I expect Vertex to reach the 1,000 employee milestone in about a year or so. And to “be employed” of course, requires an “employer.” In the case of Vertex, the original “employer” was our founder and my father, Ray Westphal. For those of you who don’t know, Ray originally helped create the start-up Vertex in 1974 as a lease accounting software offering within a Fortune 500 company. When the parent company decided to shut down the tiny Vertex in 1978, Ray saw an opportunity. He acquired the rights to the original sales/use tax rate data file and publication. Thus, Vertex as we know it today, was born.
But for Ray to have a prayer of succeeding on his own, he could of course not be on his own. He would immediately need to employ someone capable to manage the daily affairs of the office, and keep the books. In short, he needed someone to otherwise hold everything together. He was busy researching, publishing, and selling the National Sales Tax Rate Directory, our sole product at the time.
As is so common in many small business success stories, employee Number One was also the love the founder’s life. Employee Number One was Antoinette Passo Westphal. Together, she and Ray breathed life into the fledgling Vertex.
Ray steadfastly built Vertex, one rate change and one client at a time. Meanwhile, Antoinette not only balanced the books, but also balanced work and family. Within a few years, she was joined by a wonderful group of people who formed the early foundation of Vertex. I joined the company just after it celebrated 10 years in business. By then, Antoinette was free to enjoy the fruits of her and Ray’s labors and sacrifices. She was no longer working full time, but continuing as a critically important guiding force. By then, the established and growing “family” business employed me, then Stevie, and eventually Amanda as well.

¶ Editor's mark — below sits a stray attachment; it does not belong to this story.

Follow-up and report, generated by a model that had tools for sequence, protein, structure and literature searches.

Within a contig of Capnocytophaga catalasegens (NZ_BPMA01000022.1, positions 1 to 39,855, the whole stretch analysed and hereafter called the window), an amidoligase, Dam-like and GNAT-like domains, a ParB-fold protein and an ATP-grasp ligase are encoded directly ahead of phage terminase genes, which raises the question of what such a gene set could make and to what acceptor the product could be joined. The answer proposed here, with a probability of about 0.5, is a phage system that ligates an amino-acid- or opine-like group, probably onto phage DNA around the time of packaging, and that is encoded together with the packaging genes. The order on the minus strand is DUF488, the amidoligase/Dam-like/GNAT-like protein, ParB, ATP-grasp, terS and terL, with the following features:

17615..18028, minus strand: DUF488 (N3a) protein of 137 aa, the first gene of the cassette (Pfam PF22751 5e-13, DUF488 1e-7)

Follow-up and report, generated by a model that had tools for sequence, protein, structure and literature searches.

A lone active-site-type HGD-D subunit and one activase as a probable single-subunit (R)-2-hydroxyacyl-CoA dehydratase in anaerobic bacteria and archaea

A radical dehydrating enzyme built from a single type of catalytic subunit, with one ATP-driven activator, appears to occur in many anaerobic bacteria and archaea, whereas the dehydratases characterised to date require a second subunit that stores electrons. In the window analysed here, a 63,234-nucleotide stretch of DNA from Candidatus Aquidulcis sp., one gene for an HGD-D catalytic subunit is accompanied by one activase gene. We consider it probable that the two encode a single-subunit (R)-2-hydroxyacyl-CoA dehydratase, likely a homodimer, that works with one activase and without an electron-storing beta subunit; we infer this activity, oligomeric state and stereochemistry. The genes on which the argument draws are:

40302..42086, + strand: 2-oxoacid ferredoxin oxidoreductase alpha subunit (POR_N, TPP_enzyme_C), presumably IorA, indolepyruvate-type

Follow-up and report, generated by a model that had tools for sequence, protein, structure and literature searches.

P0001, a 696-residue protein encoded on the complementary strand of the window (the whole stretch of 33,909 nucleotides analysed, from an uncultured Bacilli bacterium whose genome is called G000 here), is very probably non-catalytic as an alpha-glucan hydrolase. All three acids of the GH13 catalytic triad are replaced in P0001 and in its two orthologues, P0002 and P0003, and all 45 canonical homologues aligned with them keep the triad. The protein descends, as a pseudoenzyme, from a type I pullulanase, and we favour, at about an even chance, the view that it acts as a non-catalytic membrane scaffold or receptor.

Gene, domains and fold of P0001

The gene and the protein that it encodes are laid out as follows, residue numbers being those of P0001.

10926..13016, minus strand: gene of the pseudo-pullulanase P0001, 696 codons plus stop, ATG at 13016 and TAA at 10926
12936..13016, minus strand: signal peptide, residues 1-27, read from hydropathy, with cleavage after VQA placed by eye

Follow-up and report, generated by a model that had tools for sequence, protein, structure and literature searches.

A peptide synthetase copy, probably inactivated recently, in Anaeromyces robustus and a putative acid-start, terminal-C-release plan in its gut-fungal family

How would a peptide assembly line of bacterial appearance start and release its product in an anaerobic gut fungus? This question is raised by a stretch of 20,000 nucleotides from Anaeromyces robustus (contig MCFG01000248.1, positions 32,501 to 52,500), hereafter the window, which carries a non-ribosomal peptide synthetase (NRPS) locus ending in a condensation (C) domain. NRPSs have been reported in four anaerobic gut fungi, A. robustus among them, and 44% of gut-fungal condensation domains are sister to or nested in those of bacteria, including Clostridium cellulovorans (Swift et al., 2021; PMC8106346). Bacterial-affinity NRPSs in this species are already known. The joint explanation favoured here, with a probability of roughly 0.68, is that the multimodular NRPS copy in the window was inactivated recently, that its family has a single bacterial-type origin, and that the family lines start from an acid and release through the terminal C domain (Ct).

Together, with our mother’s loving example and support, the three of us made the transition to parenthood and families of our own. During that time we also created a family Board of Directors at Vertex. And together as a family and Board, we forged a vision of our family and its relationship to the business.
During this time in the mid 90’s, we would learn that our mother, and Vertex’s employee Number One, had breast cancer.
Of course, Antoinette was too much of an achiever to let breast cancer slow her down. No, she wasn’t satisfied with having successfully raised a family and having helped her husband create a thriving company. Oh no, that would not be enough.
During the 90’s she created an award-winning Day Spa and helped Dr. Marisa Weiss to create Breastcancer.org. That was the first online resource to support women living with breast cancer. And she was also instrumental in helping Drexel University preserve many historic artifacts for public display, an effort that ultimately led Drexel to name its College of Media Arts and Design after her.
She Was Magical
We said our final farewell to Antoinette 10 years ago. We did not say farewell to the lessons we learned from her shining example of caring, perseverance, and achievement. She is firmly entrenched in our family, and in our family business. Ask any of the ‘old timers’ around here about her and they will tell you that employee Number One was special. Some people say there’s something special about Vertex, some inspiration that seems to magically hold us all together. If you ever wondered where it came from, you have no further to look than the employee who will always be Number One on the books and Number One in our hearts.